A recent United Nations assessment report concluded that as many as one million plant and animal species are now at risk of extinction, no thanks to humankind. The world is descending into chaos, and the only way to slow things down and start turning it around is by attempting to live a more zero-waste lifestyle. While we know that it’s not feasible to start reducing your waste down to a fistful size or go dumpster diving, you can do your part by supporting these sustainable Malaysian brands.
How does one begin to live a more sustainable life? Last year’s “no straw” movement should have already given you an idea on how to begin small, but the core idea here is reducing your usage of single-use plastic as much as possible. Our own government had long begun that movement by banning the use of plastic bags. It was first implemented only during the weekends, and later most states in Malaysia moved on to a permanent “no plastic bag” rule seven days a week. However, there are more ways you can go about doing that in all aspects of your life. Allow us to show you how with these local brands.
Grocery & lifestyle shopping
Go into a regular supermarket and everywhere you turn are single-use plastics. From the clear plastic wraps to the plastic trays used to wrap produce, one can easily accumulate single-use plastic in a single shopping trip. But more than plastics, regular supermarkets also tend to sell produce in portions that may be too much for small households and single people. This eventually leads to produce spoiling before they’re able to use it up, and that equals more wastage.
In a bid to reduce waste, small zero-waste grocery stores in KL such as The Hive, Nude, The Zero Waste Store and A Bit Less popped up. Nude, The Zero Waste Store was one of the first zero-waste grocery stores to open in the Klang Valley. Focusing on items that are sold package-free, customers can now buy grains, soaps, laundry detergent, and even pet food according to whatever quantity they like. All they need to do is bring their own containers to store these products.
A Bit Less also has a similar model, selling food items in bulk and package-free so that customers can purchase the amount that they need. Other than bulk food items, A Bit Less also sells eco-friendly lifestyle items including reusable straws, bamboo toothbrushes, and also offer workshops and classes on cooking and living sustainably. Great for people who may not know where to start.
The Hive was also one of the first stores in KL to start selling products in bulk. The brand has grown so much now that it expanded beyond its original shop in Lorong Maarof, Bangsar, and started having pop-up stores in various shopping malls including Pavilion KL and The Starling Mall. Beyond bulk food items, they also sell other lifestyle products such as reusable sanitary pads, menstrual cups, reusable facial cotton pads, and more.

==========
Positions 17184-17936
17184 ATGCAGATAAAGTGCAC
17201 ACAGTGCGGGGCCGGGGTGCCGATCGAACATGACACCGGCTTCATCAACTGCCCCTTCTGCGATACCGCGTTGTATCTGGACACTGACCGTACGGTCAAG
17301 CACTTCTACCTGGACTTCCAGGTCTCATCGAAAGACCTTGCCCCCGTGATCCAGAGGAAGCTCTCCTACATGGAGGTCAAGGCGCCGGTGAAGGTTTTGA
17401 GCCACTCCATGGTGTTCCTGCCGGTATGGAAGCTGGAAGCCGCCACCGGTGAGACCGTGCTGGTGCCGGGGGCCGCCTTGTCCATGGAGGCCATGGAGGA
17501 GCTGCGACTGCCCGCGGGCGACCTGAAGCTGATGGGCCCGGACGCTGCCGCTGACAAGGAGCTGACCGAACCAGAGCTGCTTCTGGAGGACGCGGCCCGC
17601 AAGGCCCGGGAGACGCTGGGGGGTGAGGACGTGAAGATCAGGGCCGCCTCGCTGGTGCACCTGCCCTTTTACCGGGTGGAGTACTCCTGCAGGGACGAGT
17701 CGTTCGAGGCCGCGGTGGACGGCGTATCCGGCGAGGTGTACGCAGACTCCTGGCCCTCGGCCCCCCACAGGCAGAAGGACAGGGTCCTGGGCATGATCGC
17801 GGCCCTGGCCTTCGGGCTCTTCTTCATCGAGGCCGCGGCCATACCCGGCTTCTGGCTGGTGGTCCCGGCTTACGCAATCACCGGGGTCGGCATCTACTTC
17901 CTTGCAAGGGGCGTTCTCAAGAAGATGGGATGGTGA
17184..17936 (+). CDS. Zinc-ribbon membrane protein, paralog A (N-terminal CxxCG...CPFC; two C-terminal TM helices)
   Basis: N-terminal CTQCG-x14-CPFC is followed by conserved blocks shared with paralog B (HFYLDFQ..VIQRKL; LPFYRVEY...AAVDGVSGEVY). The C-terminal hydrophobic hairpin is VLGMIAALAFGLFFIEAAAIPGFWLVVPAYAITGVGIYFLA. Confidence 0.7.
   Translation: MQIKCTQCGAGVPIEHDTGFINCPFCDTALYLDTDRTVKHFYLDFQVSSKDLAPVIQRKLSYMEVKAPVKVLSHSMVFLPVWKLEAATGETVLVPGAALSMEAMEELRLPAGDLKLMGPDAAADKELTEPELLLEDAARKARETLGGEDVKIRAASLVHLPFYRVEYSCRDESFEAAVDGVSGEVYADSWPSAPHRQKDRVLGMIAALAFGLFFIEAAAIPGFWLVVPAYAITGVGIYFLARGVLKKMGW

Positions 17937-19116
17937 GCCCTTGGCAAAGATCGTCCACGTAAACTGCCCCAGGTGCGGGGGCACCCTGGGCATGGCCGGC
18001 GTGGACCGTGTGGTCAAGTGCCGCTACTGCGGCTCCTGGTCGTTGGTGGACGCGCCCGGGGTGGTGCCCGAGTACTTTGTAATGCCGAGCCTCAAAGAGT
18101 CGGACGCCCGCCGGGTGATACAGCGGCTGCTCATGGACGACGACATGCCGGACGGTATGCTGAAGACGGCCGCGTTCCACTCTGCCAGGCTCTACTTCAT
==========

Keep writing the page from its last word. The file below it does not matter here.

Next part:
When it comes to eco-friendly, sustainable beauty brands, they are a dime a dozen. You’ll be glad to know that there are more brands to choose from, especially local ones. The Olive Tree is one of them — vegan, biodegradable, and using all-natural plant-based ingredients from Australia. All your personal grooming needs can be found here, from delicious soap bars for the face and body to shampoos, body lotion, body scrubs, and essential oils. Another local grooming brand to turn to is Lave Republic, specialising in hair and body care in the form of soap bars. That’s right, everything is in its most solid form — except the scrubs. There are shampoo bars, soap bars, and lotion bars. You can even get a tin packaging to carry your bars with you when you travel.
Local sustainable clothing brands are few and far between. Hunting them down can prove even more difficult. Luckily, there are stores like Real.m that source clothing items from local designers that champion sustainable fashion. Not only are they green (for the environment, not the colour), they are also quite stylish. Within Real.m are brands such as O.Lanun and The Little Clothing Shop. The store retails items such as towels, blankets and throws, breezy womenswear and menswear, and sustainable swimwear too. Bonus: Real.m donates RM 1 of each sale to Tropical Rainforest Conservation & Research Centre (TRCRC) in support of rainforest conservation.
Japan has Muji, but we have MUNI — a local brand that uses botanical dye for its fabric. Founder Munir Osman gets his fabric dye from local tropical plants including sappan wood, gambier, and catappa leaves. From these fabrics, Munir designs tote bags, T-shirts, cushion covers, and scarves out of them. Even his studio is fashioned out of restored wood to add on to the sustainability appeal.